Reasons to buy a 1960 Dodge Polaris, especially if you're female.
Polyp Types, Hydra. An essay in line weight, by Elizabeth Buchsbaum, from Animals Without Backbones, 1937. I have written about her before. (I would really like to locate her drawings for exhibition purposes. I once heard from someone in the Buchsbaum clan, but then the line went dead. Anybody out there?)
Matisse's Red Studio, from 1911.
Global Emissions, Good Magazine. Data underscored by image, but not subordinated to it. It seems like a metaphor, but really isn't. More like a simile, I guess.
A fragment of the Astor family real estate empire, published in toto on a broadsheet on January 1, 1899 by the New York World. Google Street View before the fact.
In the urban vein, here's an illustration from This is London, by Miroslav Sasek. Okay, it's deep space, so not strictly informational, but look at the handling of the cars. None of them overlap. They're simultaneously units of information and decorations.
The Swedish graphic designer Olle Eskell. Clear rules, elegant decisions, charming and comic result.
This may not be intelligible, but who can gainsay its urgency? Children are ferocious intenders. I love this thing. Megalomanical obelisk with tapeworm? By the incomparable Francesca Ryan. (I pumped the contrast on the pencil, producing that somewhat over-the-top yellow. Not Francesca's fault. Bad art direction!)
Spearheads. A Scandinavian expert memorably named Worsaae catalogued Viking artifacts in the British Isles in 1846-47. This is one of 12 watercolors (No. 3, to be precise) to appear in An Account of the Danes and Norwegians in England, Scotland, and Ireland in 1851-52.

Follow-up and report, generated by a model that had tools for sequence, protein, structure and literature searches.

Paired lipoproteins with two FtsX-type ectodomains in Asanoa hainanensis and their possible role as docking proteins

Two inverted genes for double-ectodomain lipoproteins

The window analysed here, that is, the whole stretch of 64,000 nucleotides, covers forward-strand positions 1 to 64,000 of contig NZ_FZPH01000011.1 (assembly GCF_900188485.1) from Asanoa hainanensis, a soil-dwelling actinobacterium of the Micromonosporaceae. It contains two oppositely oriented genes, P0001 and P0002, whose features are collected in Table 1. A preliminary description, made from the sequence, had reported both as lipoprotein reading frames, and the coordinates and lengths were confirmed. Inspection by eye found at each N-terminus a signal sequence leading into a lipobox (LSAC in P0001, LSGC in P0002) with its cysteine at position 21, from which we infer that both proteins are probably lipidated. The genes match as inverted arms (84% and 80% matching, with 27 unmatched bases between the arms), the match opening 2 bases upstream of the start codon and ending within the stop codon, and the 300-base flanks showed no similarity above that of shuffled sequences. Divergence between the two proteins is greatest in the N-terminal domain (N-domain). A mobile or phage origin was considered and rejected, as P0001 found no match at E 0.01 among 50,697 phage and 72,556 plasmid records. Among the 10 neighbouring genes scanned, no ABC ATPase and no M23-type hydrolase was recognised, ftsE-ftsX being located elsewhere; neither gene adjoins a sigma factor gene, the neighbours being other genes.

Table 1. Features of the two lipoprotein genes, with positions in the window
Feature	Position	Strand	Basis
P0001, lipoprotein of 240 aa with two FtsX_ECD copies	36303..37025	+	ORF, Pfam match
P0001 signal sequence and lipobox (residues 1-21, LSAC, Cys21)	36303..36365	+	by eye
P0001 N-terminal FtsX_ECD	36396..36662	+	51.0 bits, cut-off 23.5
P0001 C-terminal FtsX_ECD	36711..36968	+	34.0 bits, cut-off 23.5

A positive/negative flip on traditional display, combined with whimsical narrative. Another piece by Olle Eskell: a Graphis cover from 1962.
More old stuff from Britain. Specimens from a book of English fossil finds; "Eocene Shells at Bracklesham" from The Geology and Fossils of the Tertiary and Cretaceous Formations of Sussex, by Frederick Dixon. 1850. This (and a thousand other printed pictorial excavations) at the wonderful blog Bibliodyssey. To some degree like the spearheads above, a stone wall built from tiny pebbles and varied rocks, mortared with negative space.
Speaking of calcified stuff: cetaceans (whales) as artifacts as well as a kind of 3D chart, at the Galerie de paléontologie et d'anatomie comparée in Paris. What a wacky place. My photograph, from last summer.
Game boards provide excellent case studies in systematic display, from the purely geometric (Kolor-Blox, via sushipot, circa 1935)
to the more pictorial (Snakes and Ladders, forerunner of MB's Chutes and Ladders.) Snakes is creepier, but way cooler, too.
Finally, to pay my respects to the terrible winter gods who are threatening to rough us up well into March, I offer an ode to meteorological phenomena, crammed into a tidy rectangle. Courtesy of John Emslie, London, 1844.